In 2019 Paul was appointed to a well-deserved professorship of innovation and regional development at the Western Norway University of Applied Sciences, where he was leading a novel PhD programme on Responsible Regional Innovation (RESINNREG). He had started winning new research projects in his new base with a project on a Nordic perspective on the public value of social sciences and humanities research, and participation in big multi-partner networks on Responsible Research and Innovation Ecosystems at Regional Scale and Releasing User Power for Responsible MedTech Innovation. In the last few weeks he was involved in major new project proposals and was working on a proposal the day before he died as well as supporting RUNIN PhD students in their future plans.

Paul had married his wife Leanne back in Newcastle, they were both from the ‘coast’, and there was even a joint paper in 2002, before they married, on sustainable development and new English regional governance. In the Netherlands their children Theo and Martha were born, and when Paul took the post in Bergen he moved the family back to Whitley Bay. Paul always retained a deep affection and bond with the coastal strip north of the River Tyne, even contributing articles up to this year to the local magazine for Whitley Bay football club. He was passionate about sport, playing rugby in his youth as well as football, and just as passionate about the development of the North East of England, and his engagement with policy. He wrote a monthly column on economic development and policy issues in the Newcastle Journal newspaper, the main local morning paper, even whilst living in the Netherlands, often reflecting on the view of the region from abroad.

Paul made an enormous contribution to the literature and to the next generation of researchers, but at 46 he had at least half of his career still ahead of him. He was universally liked and respected, and was down to earth with no airs and graces, usually with a smile on his face, and an excellent companion whether over a beer or discussing theory on a panel. He was a great scholar and true original. I am one of a great many who will miss him enormously. Our thoughts go out to his wife Leanne and their two children.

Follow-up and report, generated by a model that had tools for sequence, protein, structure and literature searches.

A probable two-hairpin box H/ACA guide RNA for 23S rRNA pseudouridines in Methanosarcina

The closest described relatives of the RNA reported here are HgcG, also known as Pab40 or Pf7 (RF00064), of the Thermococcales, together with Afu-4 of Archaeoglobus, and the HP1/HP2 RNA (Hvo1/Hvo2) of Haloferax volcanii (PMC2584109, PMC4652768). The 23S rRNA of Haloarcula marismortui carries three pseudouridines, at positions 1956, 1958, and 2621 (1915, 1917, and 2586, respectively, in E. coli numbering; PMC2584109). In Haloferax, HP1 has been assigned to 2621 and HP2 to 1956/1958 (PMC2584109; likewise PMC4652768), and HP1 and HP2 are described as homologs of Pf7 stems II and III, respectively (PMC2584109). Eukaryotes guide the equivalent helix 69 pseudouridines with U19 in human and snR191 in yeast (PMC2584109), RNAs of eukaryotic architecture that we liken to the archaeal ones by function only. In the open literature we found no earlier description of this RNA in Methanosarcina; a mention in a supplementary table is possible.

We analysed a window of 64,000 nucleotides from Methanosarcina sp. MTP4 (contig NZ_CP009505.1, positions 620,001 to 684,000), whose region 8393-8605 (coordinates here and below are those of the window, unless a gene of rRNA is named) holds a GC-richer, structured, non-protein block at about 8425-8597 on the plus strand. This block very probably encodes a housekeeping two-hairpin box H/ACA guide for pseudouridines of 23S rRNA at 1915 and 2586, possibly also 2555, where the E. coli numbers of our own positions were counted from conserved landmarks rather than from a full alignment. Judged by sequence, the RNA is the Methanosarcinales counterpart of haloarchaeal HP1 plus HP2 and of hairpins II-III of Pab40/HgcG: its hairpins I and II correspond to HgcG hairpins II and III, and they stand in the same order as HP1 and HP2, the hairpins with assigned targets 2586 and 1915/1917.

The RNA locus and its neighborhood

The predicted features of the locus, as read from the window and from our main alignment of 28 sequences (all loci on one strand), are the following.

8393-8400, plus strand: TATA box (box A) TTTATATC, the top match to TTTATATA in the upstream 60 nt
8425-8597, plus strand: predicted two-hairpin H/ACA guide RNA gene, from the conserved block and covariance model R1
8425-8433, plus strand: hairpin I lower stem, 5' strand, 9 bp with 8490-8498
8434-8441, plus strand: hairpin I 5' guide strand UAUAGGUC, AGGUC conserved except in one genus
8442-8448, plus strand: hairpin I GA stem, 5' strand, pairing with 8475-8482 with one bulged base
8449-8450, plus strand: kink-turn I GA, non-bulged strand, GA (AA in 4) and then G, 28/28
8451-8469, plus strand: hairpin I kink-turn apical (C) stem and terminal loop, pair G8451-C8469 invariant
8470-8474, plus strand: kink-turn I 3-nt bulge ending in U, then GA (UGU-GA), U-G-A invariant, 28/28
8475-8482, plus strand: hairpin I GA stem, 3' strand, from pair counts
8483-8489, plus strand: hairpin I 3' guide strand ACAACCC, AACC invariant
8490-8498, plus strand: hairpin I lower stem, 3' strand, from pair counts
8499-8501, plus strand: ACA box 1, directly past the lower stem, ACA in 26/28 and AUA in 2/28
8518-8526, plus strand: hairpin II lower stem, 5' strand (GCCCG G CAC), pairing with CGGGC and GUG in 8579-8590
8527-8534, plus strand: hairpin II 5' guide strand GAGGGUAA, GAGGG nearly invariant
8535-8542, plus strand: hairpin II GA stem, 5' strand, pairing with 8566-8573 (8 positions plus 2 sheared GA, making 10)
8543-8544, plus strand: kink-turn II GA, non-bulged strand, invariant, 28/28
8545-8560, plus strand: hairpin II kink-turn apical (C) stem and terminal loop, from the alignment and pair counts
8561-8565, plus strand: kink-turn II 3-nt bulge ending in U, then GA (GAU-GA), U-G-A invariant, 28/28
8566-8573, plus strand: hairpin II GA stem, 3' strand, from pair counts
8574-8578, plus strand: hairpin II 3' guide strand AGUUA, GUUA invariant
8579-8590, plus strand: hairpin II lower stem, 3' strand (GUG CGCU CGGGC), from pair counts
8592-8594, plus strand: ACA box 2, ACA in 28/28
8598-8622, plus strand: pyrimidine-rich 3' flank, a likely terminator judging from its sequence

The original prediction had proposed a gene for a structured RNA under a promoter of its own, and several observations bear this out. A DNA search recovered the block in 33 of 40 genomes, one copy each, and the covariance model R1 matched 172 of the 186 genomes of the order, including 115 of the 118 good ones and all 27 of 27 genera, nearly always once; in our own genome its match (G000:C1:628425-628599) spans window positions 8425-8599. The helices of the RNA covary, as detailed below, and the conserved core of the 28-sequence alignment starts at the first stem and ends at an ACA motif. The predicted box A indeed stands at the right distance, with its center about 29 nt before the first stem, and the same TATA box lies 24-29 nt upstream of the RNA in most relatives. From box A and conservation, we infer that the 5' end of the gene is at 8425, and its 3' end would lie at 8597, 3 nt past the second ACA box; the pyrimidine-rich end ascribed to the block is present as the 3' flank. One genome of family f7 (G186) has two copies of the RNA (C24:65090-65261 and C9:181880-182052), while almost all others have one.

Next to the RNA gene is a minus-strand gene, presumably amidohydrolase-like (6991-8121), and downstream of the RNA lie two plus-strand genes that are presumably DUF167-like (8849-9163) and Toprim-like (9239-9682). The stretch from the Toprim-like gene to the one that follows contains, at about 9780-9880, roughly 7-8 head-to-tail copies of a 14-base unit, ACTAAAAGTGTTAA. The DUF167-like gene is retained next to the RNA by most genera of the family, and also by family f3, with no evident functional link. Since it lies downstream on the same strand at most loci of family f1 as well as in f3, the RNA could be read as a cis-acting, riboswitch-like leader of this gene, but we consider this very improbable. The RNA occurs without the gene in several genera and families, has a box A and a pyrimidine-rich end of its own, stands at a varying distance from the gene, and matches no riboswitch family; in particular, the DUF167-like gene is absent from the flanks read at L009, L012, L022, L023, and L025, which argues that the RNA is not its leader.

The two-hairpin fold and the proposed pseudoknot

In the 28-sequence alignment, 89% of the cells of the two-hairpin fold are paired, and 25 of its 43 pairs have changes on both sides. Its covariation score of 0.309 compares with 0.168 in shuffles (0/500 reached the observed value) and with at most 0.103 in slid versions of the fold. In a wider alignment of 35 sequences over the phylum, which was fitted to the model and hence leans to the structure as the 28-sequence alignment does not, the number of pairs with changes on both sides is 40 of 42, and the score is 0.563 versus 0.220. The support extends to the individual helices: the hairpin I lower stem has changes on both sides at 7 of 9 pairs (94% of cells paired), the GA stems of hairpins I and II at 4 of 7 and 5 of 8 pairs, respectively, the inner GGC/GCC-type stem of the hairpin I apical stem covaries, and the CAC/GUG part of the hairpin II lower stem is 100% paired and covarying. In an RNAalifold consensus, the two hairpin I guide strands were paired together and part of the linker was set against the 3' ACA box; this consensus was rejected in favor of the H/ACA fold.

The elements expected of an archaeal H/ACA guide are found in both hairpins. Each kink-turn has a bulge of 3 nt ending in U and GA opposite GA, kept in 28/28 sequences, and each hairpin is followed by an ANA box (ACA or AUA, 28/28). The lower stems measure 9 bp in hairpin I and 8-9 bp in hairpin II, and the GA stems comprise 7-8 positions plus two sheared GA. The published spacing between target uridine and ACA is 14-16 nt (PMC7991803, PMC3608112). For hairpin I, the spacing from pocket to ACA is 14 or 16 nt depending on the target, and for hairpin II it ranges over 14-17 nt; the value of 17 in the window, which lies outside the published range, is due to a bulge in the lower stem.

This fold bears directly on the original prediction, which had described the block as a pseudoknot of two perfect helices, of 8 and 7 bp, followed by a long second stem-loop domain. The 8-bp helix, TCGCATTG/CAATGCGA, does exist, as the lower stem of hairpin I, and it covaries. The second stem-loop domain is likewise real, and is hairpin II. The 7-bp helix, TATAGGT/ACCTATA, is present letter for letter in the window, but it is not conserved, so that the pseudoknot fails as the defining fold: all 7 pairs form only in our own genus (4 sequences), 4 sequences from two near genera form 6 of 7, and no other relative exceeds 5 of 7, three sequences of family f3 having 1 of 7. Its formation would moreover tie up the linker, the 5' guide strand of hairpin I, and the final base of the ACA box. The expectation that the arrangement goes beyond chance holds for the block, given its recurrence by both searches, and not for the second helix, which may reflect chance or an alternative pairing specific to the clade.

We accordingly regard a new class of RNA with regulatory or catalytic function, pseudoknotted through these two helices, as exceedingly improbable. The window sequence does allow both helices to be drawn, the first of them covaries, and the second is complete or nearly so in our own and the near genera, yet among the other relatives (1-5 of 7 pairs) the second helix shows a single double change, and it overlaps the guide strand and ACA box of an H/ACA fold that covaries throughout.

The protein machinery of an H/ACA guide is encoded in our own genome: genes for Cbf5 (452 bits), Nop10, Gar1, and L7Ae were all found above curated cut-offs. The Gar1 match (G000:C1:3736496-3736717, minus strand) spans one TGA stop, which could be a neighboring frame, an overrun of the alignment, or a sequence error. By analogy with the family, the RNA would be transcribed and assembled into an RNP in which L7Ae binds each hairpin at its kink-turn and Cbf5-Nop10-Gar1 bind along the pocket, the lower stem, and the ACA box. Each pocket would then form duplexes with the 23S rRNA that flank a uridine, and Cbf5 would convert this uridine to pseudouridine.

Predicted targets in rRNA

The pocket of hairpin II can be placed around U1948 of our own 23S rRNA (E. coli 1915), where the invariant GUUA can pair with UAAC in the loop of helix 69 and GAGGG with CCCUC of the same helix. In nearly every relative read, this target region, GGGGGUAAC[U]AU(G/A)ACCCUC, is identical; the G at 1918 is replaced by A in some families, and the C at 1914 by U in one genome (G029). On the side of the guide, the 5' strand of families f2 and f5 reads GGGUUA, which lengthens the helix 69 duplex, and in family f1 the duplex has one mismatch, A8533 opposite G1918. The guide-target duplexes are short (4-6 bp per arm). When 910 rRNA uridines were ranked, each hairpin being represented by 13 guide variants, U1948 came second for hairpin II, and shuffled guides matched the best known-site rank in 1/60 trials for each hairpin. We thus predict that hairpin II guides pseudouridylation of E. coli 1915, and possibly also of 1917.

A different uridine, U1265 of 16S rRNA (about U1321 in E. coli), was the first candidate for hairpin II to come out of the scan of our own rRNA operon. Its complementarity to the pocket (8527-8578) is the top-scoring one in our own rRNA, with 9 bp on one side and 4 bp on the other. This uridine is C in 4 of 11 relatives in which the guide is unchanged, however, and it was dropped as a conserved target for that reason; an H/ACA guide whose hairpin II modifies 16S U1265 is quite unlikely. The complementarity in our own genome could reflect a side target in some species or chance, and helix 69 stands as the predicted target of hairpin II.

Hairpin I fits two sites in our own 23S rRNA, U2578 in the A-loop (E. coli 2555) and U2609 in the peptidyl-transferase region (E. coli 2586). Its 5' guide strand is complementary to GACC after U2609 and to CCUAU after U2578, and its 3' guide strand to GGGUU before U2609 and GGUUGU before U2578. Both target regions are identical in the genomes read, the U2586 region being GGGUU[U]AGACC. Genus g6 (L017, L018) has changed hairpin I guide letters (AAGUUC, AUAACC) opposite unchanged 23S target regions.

A message from the RSRS Early Career Section editors: Marcin Dąbrowski, Sabrina Lai, Marijana Sumpor, Rhiannon Pugh & Declan Jordan

On 12 of May 2020 we found out that Paul Benneworth passed away. This news shocked and saddened us deeply. Paul was our colleague in the Regional Studies, Regional Science editorial team and a friend to many of us. His excellent scholarly work on innovation and regional development is well known to the readers of the publications of the Regional Studies Association. Anyone who befriended him or worked with him also knows how delightful, cheerful, smart and caring a person he was. What may be less widely known is how much Paul was dedicated to supporting early career researchers, beginning their journey through the often rough world of academia. Paul was absolutely convinced that early career researchers deserved a specifically-designed platform that would help them learn the rope, and practise the art and craft of academic writing while trying to make their first steps towards academic independence. With this in mind, Paul has played a crucial role in setting up Regional Insights journal providing a forum for early career authors researching regional issues. This journal later transformed into the Early Career Section of RSRS , which Paul led for a couple of years. Over the years, Paul worked tirelessly mentoring numerous authors (and editors), many of whom have since then developed brilliant academic careers and became highly visible in the Regional Studies Association’s community. It goes without saying that Paul will be hugely missed by our community. Our thoughts are with his family and friends.